To understand the upheaval in South America, think race/racism

Courtesy of MGN Online Hundreds of supporters for ousted Bolivian President Evo Morales have clashed with police, leaving nine people dead.

The world birthed in the near extinction of one-fifth of humanity still exists, in the social relations bequeathed to the Americas by conquistadors and enslavers.

The events in Bolivia lay bare the central role that racial subjugation has always played in the “New World,” a hemisphere whose “discovery” by Europeans resulted—within the span of only 50 years—in the death by genocide and pandemic of fully a 5th of the Earth’s human population.

The Conquistadors frenzied “primitive accumulation” of precious metals, mined by enslaved Natives who died quicker than they could be replenished, created a demand for the capture and importation of millions of Africans with immunities to both European and tropical disease.

For centuries, until deep into the 1700s, the vast majority of the Western Hemisphere’s population was Indigenous and Black, with African slaves comprising the great bulk of newcomers to the New World. Thus was laid the material basis for the rise of Europe, the beginnings of capitalism and the global supremacy of Whiteness.“My crime is to be a union leader, to be indigenous…and anti-imperialist,” said Evo Morales, the three-time elected president of South America’s most indigenous nation as he entered exile in Mexico. Bolivia is roughly two-thirds native.

Morales’ election victory, October 20—his 4th since 2005—was aborted in the ensuing weeks by rampaging gangs of thugs employed by oligarchs based in the Whitest—and most fossil fuel-rich—regions of the country who terrorized, beat and kidnapped government and Movement for Socialism party officials and their families and eventually laid siege to the capital in La Paz, with no resistance from the police and army.

Unable to protect his comrades or kinfolk, Morales resigned, and was quickly replaced as president by the leader of the White-dominated minority legislative party. Morales’ party had won absolute majorities in both houses of the legislature, but was left leaderless and terror-struck by the coup. The White rump prevailed.

 The United States did not immediately recognize the new government of right-wing and admittedly racist, Senator Jeanine Añez Chavez, but will doubtless soon do so, having schemed incessantly for regime change ever since Morales joined Venezuela’s Hugo Chavez (1998) and Brazil’s Lula da Silva (2003) to set in motion Latin America’s “pink tide.”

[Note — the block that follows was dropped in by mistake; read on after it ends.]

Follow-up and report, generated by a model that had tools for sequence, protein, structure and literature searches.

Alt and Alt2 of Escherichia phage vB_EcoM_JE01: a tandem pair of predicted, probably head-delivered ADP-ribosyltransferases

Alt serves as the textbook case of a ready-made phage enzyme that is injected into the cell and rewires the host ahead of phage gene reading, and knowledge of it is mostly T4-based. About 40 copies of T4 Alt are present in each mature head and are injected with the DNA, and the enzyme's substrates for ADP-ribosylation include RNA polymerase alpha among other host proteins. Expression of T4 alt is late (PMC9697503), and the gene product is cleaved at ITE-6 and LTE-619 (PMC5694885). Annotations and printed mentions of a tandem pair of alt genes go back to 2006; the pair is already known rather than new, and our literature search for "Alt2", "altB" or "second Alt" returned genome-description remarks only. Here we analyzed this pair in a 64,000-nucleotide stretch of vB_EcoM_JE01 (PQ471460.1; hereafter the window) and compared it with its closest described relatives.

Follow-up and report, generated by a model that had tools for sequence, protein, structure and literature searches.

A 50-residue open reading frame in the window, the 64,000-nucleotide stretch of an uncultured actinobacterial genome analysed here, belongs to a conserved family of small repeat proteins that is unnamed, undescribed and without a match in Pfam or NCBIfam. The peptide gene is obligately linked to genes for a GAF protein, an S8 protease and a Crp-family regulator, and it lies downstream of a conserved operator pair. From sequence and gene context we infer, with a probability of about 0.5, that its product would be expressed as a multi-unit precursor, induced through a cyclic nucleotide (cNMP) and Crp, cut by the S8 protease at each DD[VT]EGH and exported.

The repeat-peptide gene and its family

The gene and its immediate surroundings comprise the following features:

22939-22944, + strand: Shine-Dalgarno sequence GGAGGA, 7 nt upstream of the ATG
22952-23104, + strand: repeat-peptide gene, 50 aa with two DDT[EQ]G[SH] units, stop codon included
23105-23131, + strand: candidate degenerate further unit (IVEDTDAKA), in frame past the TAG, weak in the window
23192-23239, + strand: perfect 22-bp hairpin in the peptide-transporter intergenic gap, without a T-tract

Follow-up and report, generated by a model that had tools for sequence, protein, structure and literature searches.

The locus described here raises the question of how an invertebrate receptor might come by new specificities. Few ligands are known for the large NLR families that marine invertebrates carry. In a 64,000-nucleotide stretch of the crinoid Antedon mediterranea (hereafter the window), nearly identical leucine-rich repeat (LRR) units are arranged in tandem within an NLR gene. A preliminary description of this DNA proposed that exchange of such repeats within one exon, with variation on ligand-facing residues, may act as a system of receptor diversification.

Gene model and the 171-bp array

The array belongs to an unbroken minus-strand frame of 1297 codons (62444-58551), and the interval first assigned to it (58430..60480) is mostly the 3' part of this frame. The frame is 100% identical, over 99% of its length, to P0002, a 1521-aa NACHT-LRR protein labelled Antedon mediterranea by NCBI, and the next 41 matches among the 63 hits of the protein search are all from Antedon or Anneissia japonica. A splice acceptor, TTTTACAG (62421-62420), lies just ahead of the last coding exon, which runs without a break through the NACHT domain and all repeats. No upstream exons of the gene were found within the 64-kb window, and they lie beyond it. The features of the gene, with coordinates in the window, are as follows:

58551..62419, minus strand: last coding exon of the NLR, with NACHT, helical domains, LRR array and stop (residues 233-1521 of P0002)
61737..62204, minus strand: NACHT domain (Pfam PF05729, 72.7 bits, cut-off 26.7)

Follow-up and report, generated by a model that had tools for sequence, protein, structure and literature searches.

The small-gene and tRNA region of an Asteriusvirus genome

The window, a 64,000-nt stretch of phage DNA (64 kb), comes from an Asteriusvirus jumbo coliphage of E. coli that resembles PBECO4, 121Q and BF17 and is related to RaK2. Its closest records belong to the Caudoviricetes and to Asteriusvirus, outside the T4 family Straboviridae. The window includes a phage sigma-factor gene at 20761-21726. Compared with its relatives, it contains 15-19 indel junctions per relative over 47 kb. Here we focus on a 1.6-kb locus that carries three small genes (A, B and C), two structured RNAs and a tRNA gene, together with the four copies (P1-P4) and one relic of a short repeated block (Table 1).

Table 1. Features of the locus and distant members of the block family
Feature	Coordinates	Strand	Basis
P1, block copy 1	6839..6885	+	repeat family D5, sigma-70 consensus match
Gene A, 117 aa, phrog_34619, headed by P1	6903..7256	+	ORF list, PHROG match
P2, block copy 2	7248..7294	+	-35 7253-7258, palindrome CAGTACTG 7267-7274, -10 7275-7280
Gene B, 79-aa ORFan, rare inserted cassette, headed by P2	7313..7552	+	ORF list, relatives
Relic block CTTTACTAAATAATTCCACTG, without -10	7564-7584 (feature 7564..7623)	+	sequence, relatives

When Argentina (Cristina Fernández de Kirchner), Nicaragua (Daniel Ortega) and Ecuador (Rafael Correa) elected leftish presidents in 2007, U.S. imperial power sank to its nadir in the hemisphere. But the CIA never sleeps, and neither do the White oligarchs who remained at the commanding heights of the economy and media in the “pink”-led nations of the hemisphere.

One by one, the anti-imperialist presidents were removed, with U.S. assistance, in Brazil (2016), Ecuador (2017) and Argentina (2015), for a time leaving only Venezuela and Nicaragua in the anti-imperialist camp—along with, of course, Cuba, which has not had a U.S.-allied oligarchic class to contend with since the revolution of 1959.

Luckily for Morales, in 2018 Mexico elected leftish president Lopez Obrador, who quickly facilitated asylum for Morales—as Mexico had done for countless political exiles throughout its history. Cristina Fernández de Kirchner was also returned to power in Argentina, this year. And Brazil’s “Lula” was released from prison earlier this month pending appeal of his conviction on corruption charges, reinvigorating a demoralized left in the hemisphere’s biggest country.

The CIA never sleeps, nor do the White oligarchs

Of the U.S. presidential candidates, only Bernie Sanders expressed alarm over the forced ouster of the democratically elected president in Bolivia. “I am very concerned,” Sanders tweeted, “about what appears to be a coup in Bolivia, where the military, after weeks of political unrest, intervened to remove President Evo Morales. The U.S. must call for an end to violence and support Bolivia’s democratic institutions.”

Given that Sanders once called Venezuela’s Hugo Chavez a “dead dictator ” and slandered current president Nicholas Maduro as a “vicious tyrant ” as recently as last September’s presidential debate, that’s a great improvement. But a President Sanders might find himself seeking asylum in Mexico if he tried to radically reform U.S. policy in Latin America, which is intimately allied with the maintenance of White elite rule in the region in collaboration with multinational capital. In Latin America, U.S. influence means White Power.

 When White secessionists began a drive to form their own nation in the natural gas fields of eastern Bolivia, they were befriended by the U.S. ambassador, who had previously been a key player in prying the province of Kosovo from Serbia.

Glen Ford is the executive editor of blackagendareport.com

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